What makes all of this great to play (and watch) is the unbelievable animations. I know there wasn’t any motion capture done here…but you’d never guess it by watching them in action. Corvus runs, jumps, climbs, pole-vaults, and kills in perfect form. It’s really quite cool to watch. Plus, the Raven kids have tweaked the heck out of the Quake II engine to include enough new lighting effects to put it easily on par with Forsaken and Unreal for sheer prettiness.

In addition to all those great offensive weapons, there are a number of really cool defensive spells you can use. These range from a force field that flings enemies across the room, to a bunch of meteors that pounce on whatever starts to attack you, to the always popular Tome of Power. All of these spells add an interesting level of strategy to an action title, as you figure out which offensive/defensive combination will work best in each particular level.

The level design is nicely done. Some levels are quite linear, having you simply go from one end to the other. In one instance, you have a central point, but you have to retrieve two different objects, and you can get them in whichever order you like. It’s still linear…but it’s less so than the rest of the game. My personal favorite level is The Gauntlet (which, according to HereticII.com was done by Michael Raymond-Judy and Eric Biessman). The Gauntlet is a "test of strength" type level, where you have to prove your worth. There are a number of varying types of gameplay all squished together into this ingeniously laid out level. It was totally unexpected, and a real rush to play.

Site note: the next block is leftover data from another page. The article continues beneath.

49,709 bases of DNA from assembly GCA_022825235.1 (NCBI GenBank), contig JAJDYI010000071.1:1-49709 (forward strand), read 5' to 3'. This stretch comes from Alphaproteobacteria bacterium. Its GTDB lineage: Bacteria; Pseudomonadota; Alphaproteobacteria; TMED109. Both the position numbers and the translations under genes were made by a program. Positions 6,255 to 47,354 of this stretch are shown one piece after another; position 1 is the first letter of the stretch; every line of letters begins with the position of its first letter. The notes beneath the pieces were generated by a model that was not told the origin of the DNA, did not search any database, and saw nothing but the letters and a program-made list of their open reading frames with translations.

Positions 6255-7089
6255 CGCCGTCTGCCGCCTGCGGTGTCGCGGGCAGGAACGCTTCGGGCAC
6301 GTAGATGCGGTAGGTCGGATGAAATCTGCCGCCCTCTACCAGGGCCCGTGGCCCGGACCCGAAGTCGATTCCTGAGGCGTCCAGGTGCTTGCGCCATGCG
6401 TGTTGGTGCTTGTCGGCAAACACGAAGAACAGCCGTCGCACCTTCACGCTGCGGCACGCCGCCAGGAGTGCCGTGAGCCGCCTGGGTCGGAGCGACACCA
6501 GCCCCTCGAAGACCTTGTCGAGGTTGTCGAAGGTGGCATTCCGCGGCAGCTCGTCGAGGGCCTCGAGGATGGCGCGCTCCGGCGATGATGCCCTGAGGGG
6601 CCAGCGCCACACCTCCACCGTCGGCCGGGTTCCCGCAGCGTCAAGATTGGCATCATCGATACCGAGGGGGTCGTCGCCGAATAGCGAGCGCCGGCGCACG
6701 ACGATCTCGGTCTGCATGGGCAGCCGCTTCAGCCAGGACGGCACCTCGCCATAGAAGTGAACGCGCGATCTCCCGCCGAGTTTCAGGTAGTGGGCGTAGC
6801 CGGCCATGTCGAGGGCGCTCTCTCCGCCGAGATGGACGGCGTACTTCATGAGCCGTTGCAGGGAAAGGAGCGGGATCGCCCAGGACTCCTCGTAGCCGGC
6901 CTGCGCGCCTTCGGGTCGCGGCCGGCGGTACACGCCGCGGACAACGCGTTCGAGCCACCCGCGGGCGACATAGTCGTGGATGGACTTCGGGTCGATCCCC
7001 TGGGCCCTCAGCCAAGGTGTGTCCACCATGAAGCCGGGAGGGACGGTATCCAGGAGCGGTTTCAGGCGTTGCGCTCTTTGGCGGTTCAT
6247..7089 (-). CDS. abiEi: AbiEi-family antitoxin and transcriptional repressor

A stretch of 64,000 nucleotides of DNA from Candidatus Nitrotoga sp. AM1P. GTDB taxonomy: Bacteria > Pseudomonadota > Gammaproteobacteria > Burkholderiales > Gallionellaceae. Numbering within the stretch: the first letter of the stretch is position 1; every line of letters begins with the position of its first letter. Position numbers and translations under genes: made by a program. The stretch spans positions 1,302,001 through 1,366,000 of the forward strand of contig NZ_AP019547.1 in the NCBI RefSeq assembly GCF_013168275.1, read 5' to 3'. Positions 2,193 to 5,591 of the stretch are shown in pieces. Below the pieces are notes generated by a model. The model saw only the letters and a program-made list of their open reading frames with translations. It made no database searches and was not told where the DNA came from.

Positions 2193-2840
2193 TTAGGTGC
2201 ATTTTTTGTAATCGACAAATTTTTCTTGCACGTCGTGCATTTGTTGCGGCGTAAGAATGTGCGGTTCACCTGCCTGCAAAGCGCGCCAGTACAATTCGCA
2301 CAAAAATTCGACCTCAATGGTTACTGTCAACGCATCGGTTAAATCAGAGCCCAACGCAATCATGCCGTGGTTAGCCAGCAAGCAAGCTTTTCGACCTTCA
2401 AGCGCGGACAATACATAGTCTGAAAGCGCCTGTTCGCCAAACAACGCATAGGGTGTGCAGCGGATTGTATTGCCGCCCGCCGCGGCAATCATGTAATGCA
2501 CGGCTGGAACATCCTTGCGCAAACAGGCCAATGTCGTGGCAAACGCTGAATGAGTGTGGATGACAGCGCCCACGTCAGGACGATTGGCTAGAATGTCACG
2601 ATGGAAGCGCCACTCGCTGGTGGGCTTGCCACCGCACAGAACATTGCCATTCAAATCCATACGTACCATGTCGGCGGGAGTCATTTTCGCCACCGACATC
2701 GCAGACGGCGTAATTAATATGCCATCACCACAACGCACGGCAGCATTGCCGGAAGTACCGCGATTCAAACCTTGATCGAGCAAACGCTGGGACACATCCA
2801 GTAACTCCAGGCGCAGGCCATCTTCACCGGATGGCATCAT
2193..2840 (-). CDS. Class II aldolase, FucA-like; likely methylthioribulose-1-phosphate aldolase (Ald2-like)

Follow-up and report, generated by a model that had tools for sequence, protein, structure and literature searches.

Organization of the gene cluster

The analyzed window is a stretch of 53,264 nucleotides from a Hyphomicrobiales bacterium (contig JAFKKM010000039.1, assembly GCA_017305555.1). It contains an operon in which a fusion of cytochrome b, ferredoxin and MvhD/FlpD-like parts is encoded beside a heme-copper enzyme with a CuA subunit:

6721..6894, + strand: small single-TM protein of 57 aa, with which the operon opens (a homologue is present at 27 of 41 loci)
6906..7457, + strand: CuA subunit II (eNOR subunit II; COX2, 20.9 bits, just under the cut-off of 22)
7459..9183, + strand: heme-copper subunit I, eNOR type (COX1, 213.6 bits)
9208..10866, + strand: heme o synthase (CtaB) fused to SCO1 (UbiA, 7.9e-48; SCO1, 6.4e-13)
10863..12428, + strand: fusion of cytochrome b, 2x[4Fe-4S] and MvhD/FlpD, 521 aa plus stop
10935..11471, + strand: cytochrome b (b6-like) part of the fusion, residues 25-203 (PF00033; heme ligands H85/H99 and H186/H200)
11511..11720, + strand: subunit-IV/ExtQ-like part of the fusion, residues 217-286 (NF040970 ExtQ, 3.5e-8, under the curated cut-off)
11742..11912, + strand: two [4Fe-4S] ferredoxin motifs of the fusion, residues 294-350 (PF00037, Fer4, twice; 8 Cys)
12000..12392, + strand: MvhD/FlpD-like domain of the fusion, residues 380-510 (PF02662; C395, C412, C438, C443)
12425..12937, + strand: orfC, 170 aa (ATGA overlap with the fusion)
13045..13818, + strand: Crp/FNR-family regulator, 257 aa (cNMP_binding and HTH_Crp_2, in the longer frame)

When all’s said and done, the only complaint I have about Heretic II, is that it’s too short. Deathmatch is interesting, and a lot of fun, but a bit too chaotic for my taste (although judging by the number of servers that are running these days, obviously I’m alone here). So I’ve found myself playing through the single player again. I suppose when the biggest complaint you can muster up about a game is that it’s not long enough, something was done right. The bottom line is this: if you’re up for a truly different, and ultimately satisfying experience, check out Heretic II. You won’t be disappointed.

- Jason "loonyboi" Bergman is the editor-in-chief of loonygames. He likes meat.

 

Credits: Bargain Bin logo illustrated and is © 1998 Dan Zalkus. This edition of Top Shelf is © 1998 Jason Bergman. All other content is © 1998 loonyboi productions. Unauthorized reproduction is a majorly hostile gesture.